Nuclear deal marks ‘turning point’ for Iran’s economy, Rouhani says

Special to WorldTribune.com

Radio Free Europe / Radio Liberty

Iranian President Hassan Rouhani hailed the lifting of international sanctions on his country, saying a nuclear deal with world powers opened “new windows” for Teheran’s engagement with the world.

Rouhani told parliament on January 17 that the deal was also a “turning point” point for Iran’s economy, adding that the energy-rich country needed to be less reliant on oil revenues.

Iranian President Hassan Rouhani.
Iranian President Hassan Rouhani.

On Jan. 16, the UN nuclear watchdog announced that Iran has kept its nuclear promises under the agreement reached in July, triggering the end of sanctions.

The announcement set off a rapid process of lifting international sanctions against Teheran. The European Union said it has “lifted all economic and financial sanctions against Iran related to the nuclear program.”

Washington has also formally lifted banking, steel, shipping, and other sanctions on Iran.

Iran also announced the release of five Americans including Washington Post reporter Jason Rezaian as part of a prisoner swap with the United States.

On Jan. 17, Rouhani said “the nuclear deal is an opportunity that we should use to develop the country, improve the welfare of the nation, and create stability and security in the region.”

He said Iran should use the expected influx of money and investments to spark the “economic mutation” of the country, which has been suffering double-digit inflation and unemployment rates for years.

Iran needs up to $50 billion in foreign investment per year to reach its goal of eight-percent annual growth, Rouhani said.

With international sanctions lifted, more than $30 billion in assets overseas will become immediately available to Iran.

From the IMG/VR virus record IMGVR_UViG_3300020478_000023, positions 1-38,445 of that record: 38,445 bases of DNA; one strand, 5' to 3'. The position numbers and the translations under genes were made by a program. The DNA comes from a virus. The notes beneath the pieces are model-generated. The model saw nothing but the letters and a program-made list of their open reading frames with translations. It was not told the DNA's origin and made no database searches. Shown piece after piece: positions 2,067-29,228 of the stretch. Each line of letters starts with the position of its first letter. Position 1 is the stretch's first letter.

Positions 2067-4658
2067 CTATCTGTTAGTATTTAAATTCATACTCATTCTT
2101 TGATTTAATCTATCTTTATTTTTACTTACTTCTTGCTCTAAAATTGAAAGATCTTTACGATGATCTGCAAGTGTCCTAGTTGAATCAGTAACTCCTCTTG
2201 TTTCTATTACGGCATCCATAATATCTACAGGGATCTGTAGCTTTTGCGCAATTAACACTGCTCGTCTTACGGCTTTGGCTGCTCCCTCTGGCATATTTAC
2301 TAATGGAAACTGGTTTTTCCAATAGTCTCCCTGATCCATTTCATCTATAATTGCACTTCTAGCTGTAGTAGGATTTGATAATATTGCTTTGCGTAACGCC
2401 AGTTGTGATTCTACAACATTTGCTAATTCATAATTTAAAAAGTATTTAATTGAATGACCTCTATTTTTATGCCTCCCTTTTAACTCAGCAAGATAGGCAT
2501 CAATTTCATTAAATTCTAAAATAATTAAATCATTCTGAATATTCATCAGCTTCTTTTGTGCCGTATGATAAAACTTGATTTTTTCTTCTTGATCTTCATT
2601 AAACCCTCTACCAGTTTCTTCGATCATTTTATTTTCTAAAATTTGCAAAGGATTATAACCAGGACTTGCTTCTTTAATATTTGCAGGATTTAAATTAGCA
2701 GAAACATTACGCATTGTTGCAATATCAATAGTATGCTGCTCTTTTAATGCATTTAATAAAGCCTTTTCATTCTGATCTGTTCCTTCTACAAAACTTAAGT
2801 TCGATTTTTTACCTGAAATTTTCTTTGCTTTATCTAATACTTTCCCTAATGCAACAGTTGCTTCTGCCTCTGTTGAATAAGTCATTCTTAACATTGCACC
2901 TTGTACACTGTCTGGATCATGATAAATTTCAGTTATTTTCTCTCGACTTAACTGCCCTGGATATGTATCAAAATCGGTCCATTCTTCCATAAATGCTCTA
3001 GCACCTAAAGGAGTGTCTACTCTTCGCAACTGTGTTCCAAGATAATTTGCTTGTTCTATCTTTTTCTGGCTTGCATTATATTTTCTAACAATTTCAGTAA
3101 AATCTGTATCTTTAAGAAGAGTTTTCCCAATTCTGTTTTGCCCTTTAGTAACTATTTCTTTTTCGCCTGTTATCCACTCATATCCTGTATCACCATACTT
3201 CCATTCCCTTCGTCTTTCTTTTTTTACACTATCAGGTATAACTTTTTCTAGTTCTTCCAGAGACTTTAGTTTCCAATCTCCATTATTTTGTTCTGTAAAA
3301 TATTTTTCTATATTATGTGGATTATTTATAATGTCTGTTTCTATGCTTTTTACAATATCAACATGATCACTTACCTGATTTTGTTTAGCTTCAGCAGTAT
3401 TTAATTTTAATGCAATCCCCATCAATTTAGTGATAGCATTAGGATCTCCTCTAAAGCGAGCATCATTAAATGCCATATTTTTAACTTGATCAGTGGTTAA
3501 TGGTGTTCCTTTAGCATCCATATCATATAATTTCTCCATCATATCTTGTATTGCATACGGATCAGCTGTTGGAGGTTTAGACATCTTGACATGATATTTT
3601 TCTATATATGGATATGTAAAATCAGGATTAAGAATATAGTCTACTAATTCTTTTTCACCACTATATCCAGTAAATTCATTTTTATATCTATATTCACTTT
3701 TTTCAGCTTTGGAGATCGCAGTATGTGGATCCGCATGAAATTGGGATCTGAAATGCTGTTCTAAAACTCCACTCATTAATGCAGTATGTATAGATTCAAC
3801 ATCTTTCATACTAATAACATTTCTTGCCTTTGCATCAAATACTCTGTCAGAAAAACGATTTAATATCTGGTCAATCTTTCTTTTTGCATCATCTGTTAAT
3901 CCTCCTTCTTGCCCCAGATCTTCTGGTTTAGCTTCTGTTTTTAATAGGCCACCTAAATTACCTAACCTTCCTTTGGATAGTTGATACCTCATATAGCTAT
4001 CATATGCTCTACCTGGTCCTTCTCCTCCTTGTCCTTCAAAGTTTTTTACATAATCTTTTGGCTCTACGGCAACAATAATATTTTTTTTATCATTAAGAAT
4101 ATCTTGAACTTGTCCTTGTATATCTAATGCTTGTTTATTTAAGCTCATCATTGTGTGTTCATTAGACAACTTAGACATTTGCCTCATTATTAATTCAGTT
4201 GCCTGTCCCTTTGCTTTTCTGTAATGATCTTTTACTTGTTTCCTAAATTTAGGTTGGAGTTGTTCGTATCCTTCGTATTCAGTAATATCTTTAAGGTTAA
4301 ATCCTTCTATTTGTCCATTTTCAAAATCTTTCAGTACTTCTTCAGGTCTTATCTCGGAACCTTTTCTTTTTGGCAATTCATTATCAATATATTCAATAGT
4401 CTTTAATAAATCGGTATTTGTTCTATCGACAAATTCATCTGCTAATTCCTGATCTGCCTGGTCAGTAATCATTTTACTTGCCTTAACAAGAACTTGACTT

Official Iranian reports put the total amount of frozen Iranian assets overseas at nearly $100 billion.

According to the International Energy Agency, already some 38 million barrels of oil are in Iran’s floating reserves, ready to enter the market.

As he presented a draft budget for the next fiscal year to parliament, Rouhani said the deal was an opportunity for Iran’s economy to cut its “umbilical cord” to oil while prices were low.

But despite oil prices falling below $30, Iran intends to increase production after the nuclear deal.

The country is expected to increase its daily export of 1.1 million barrels of crude oil by 500,000 shortly, and a further 500,000 in the longer run.

The $75 billion budget had been ready for weeks, but Rohani decided not to present it until the nuclear deal was implemented because it was based on sanctions being lifted.

Rohani also pointed out that Iran now needs political tranquility to best benefit from the new economic reality.

“All should prevent any domestic and foreign trivialities that thwart us,” he said. “Any irrelevant and diverting dispute is against national expedience.”

Rohani said Iran’s nuclear deal signed in July in Vienna with the United States, Britain, France, Russia, China, and Germany was a win for all negotiating parties and all factions inside Iran.

The Vienna agreement was reached after two years of negotiations following Rohani’s election.

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